Each web site in Azure Web Sites runs as a random unique low-privileged worker process identity called the "application pool identity", described further here: http://www.iis.net/learn/manage/configuring-security/application-pool-identities. Application code uses this identity for basic read-only access to the operating system drive (the D:\ drive). This means application code can list common directory structures and read common files on operating system drive. Although this might appear to be a somewhat broad level of access, the same directories and files are accessible when you provision a worker role in an Azure hosted service and read the drive contents.
File access across multiple instances
The home directory contains a site's content, and web applications can write to it. If a web site runs on multiple instances, the home directory is shared among all instances so that all instances see the same directory. So, for example, if a web site saves uploaded files to the home directory, those files are immediately available to all instances.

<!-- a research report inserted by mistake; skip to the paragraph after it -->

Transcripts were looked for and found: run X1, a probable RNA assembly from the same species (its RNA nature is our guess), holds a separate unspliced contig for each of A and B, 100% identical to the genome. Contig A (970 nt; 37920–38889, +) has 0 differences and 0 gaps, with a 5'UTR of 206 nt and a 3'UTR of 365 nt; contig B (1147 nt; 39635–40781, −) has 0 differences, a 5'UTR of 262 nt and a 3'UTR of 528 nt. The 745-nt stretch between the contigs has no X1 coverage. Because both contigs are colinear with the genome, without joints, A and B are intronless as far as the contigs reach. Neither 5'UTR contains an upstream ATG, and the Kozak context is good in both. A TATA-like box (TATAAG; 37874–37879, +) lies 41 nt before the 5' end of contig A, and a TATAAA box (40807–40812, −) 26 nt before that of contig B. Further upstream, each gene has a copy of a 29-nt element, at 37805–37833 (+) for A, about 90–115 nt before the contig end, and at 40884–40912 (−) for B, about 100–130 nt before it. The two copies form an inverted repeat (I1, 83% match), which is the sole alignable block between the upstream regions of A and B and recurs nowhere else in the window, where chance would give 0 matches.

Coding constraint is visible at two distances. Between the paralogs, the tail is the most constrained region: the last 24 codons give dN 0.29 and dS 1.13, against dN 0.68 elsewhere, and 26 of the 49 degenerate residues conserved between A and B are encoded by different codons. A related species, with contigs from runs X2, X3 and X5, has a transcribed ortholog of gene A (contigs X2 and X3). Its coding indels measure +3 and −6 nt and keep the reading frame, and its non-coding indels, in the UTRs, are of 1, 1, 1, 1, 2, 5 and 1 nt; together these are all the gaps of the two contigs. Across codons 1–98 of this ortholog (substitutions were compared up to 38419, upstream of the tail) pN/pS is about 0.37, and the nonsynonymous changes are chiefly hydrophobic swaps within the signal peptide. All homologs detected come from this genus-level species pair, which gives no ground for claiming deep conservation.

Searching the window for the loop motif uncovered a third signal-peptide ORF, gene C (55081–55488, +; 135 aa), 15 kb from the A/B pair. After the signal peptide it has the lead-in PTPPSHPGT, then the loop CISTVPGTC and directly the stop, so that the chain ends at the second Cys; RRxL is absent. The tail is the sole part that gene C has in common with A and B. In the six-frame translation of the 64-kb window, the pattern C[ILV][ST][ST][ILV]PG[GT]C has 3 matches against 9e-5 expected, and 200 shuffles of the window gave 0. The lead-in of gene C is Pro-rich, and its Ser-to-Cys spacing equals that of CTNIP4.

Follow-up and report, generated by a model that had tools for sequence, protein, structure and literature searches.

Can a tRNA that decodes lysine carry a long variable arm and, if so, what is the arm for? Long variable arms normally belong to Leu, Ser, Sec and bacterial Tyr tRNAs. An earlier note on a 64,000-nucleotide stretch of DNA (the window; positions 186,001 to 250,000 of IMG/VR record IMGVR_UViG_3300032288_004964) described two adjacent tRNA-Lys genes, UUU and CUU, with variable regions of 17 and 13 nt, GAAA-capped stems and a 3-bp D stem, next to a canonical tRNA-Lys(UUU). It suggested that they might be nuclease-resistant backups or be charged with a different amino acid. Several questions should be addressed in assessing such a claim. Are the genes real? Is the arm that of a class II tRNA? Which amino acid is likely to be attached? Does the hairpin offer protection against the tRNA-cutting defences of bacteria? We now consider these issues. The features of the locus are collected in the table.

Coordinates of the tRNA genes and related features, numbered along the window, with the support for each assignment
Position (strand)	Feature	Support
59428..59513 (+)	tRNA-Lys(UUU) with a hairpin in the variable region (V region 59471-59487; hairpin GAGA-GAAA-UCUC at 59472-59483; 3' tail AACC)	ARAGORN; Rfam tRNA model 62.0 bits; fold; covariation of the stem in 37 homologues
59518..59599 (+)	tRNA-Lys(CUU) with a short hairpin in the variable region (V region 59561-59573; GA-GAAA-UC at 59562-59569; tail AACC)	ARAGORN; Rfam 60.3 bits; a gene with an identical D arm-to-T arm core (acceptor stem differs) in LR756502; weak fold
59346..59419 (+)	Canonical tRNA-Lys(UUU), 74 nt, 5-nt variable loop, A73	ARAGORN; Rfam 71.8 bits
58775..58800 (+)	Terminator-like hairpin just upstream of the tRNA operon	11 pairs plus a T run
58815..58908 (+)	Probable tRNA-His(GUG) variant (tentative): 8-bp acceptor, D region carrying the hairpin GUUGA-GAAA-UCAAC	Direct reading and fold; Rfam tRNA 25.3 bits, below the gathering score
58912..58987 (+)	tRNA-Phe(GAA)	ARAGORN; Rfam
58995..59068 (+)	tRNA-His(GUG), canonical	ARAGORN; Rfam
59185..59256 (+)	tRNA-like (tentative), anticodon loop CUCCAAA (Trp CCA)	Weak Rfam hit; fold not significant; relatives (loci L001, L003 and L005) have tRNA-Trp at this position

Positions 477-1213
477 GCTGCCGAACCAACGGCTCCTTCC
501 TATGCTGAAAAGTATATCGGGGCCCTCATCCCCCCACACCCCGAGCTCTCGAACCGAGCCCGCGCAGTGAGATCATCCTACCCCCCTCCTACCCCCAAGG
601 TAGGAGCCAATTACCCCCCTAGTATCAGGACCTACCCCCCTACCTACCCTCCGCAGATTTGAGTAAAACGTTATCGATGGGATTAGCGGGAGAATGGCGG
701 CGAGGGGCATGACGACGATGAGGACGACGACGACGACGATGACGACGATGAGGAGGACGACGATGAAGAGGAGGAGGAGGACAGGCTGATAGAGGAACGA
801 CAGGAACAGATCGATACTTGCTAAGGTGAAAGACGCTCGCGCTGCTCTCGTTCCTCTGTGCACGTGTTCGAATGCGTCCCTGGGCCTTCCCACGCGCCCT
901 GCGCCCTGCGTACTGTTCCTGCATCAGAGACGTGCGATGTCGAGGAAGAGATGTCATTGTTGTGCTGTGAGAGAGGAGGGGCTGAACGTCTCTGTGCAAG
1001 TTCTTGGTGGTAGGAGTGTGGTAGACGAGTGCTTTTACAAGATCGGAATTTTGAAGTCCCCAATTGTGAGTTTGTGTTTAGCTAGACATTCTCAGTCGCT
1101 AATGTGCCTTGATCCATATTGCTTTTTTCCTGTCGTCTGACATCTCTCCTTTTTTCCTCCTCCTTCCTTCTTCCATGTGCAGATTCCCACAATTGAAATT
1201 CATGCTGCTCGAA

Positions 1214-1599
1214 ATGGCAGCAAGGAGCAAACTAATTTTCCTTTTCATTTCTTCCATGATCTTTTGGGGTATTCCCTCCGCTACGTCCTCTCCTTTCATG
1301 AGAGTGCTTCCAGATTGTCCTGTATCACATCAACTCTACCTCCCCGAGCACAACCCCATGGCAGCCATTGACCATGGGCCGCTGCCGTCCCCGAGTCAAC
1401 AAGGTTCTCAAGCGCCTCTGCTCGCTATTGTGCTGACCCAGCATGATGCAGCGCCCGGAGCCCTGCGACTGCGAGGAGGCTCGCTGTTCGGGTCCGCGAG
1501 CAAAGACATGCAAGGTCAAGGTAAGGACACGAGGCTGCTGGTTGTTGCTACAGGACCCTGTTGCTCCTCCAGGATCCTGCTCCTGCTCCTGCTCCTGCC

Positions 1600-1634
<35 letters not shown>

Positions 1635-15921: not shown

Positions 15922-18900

Application code can use TCP/IP and UDP based protocols to make outbound network connections to Internet accessible endpoints that expose external services. Applications can use these same protocols to connect to services within Azurefor example, by establishing HTTPS connections to SQL Azure.
There is also a limited capability for applications to establish one local loopback connection, and have an application listen on that local loopback socket. This feature exists primarily to enable applications that listen on local loopback sockets as part of their functionality. Note that each customer's application sees a "private" loopback connection; application "A" cannot listen to a local loopback socket established by application "B".
Named pipes are also supported as an inter-process communication (IPC) mechanism between different processes that collectively run a web site. For example, the IIS FastCGI module relies on named pipes to coordinate the individual processes that run PHP pages.